Nobody has written better about how to silence our inner critics so we can get on with our work better than Anne Lamott. Her advice is not just for writers but anyone trying to create anything worthwhile.
“What I've learned to do,” she says, “When I sit down to work on a shitty first draft is to quiet the voices in my head. First there's the vinegar-lipped Reader Lady, who saysprimly, ‘Well, that's not very interesting, is it?'
“And there's the emaciated German male who writes these Orwellian memos detailing your thought crimes. And there are your parents, agonizing over your lack of loyalty and discretion; and there's William Burroughs, dozing off or shooting up because he finds you as bold and articulate as a houseplant; and so on.
“And there are also the dogs: let's not forget the dogs, the dogs in their pen who will surely hurtle and snarl their way out if you ever stop writing, because writing is, for some of us, the latch that keeps the door of the pen closed, keeps those crazy ravenous dogs contained.
“Close your eyes and get quiet for a minute, until the chatter starts up. Then isolate one of the voices and imagine the person speaking as a mouse. Pick it up by the tail and drop it into a mason jar.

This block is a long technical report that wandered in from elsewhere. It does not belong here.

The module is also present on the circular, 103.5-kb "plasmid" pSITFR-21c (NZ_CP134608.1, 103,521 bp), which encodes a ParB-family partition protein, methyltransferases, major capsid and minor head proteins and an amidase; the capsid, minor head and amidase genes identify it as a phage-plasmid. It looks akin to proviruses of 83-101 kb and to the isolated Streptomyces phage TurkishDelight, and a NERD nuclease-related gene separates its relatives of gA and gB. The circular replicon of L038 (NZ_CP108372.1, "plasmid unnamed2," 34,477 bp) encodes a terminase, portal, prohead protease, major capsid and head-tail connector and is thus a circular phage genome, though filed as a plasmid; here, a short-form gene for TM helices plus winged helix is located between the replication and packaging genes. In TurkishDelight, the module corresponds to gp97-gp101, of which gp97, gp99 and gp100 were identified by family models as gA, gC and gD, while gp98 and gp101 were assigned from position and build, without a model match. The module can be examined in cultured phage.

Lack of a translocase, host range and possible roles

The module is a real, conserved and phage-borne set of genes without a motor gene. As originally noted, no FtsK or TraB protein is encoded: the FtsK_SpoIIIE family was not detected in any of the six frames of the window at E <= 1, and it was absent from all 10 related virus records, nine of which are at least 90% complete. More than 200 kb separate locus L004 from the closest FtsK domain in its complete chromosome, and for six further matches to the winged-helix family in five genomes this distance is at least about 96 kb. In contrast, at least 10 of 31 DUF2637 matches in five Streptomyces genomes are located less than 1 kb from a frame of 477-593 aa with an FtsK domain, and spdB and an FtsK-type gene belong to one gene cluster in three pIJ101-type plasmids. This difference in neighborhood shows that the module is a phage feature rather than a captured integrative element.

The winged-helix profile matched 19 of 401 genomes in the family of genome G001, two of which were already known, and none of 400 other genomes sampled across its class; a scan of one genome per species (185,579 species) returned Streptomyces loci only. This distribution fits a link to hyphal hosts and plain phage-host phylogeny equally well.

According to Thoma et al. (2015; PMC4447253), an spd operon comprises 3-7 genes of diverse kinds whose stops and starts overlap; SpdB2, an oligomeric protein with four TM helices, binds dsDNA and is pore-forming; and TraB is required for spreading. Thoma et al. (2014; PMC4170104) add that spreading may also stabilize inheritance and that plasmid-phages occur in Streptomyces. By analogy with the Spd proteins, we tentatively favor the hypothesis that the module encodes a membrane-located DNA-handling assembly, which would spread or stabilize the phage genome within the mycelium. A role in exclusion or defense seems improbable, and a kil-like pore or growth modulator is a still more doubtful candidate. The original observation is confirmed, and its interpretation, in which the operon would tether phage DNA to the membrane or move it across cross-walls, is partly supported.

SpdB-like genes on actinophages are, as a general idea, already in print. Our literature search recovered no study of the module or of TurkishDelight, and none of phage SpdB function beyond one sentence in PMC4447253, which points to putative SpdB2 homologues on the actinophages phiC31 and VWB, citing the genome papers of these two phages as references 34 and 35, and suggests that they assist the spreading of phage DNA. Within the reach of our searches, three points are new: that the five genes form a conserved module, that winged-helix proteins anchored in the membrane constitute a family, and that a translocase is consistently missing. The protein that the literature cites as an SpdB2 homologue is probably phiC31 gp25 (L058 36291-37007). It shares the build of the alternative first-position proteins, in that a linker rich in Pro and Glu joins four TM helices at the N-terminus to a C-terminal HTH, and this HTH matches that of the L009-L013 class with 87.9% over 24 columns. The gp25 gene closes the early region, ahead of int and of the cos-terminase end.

“Then isolate another voice, pick it up by the tail, drop it in the jar. And so on. Drop in any high-maintenance parental units, drop in any contractors, lawyers, colleagues, children, anyone who is whining in your head.
“Then put the lid on, and watch all these mouse people clawing at the glass, jabbering away, trying to make you feel like shit because you won't do what they want–won't give them more money, won't be more successful, won't see them more often.
“Then imagine that there is a volume-control button on the bottle. Turn it all the way up for a minute, and listen to the stream of angry, neglected, guilt-mongering voices. Then turn it all the way down and watch the frantic mice lunge at the glass, trying to get to you.
“Leave it down, and get back to your shitty first draft.”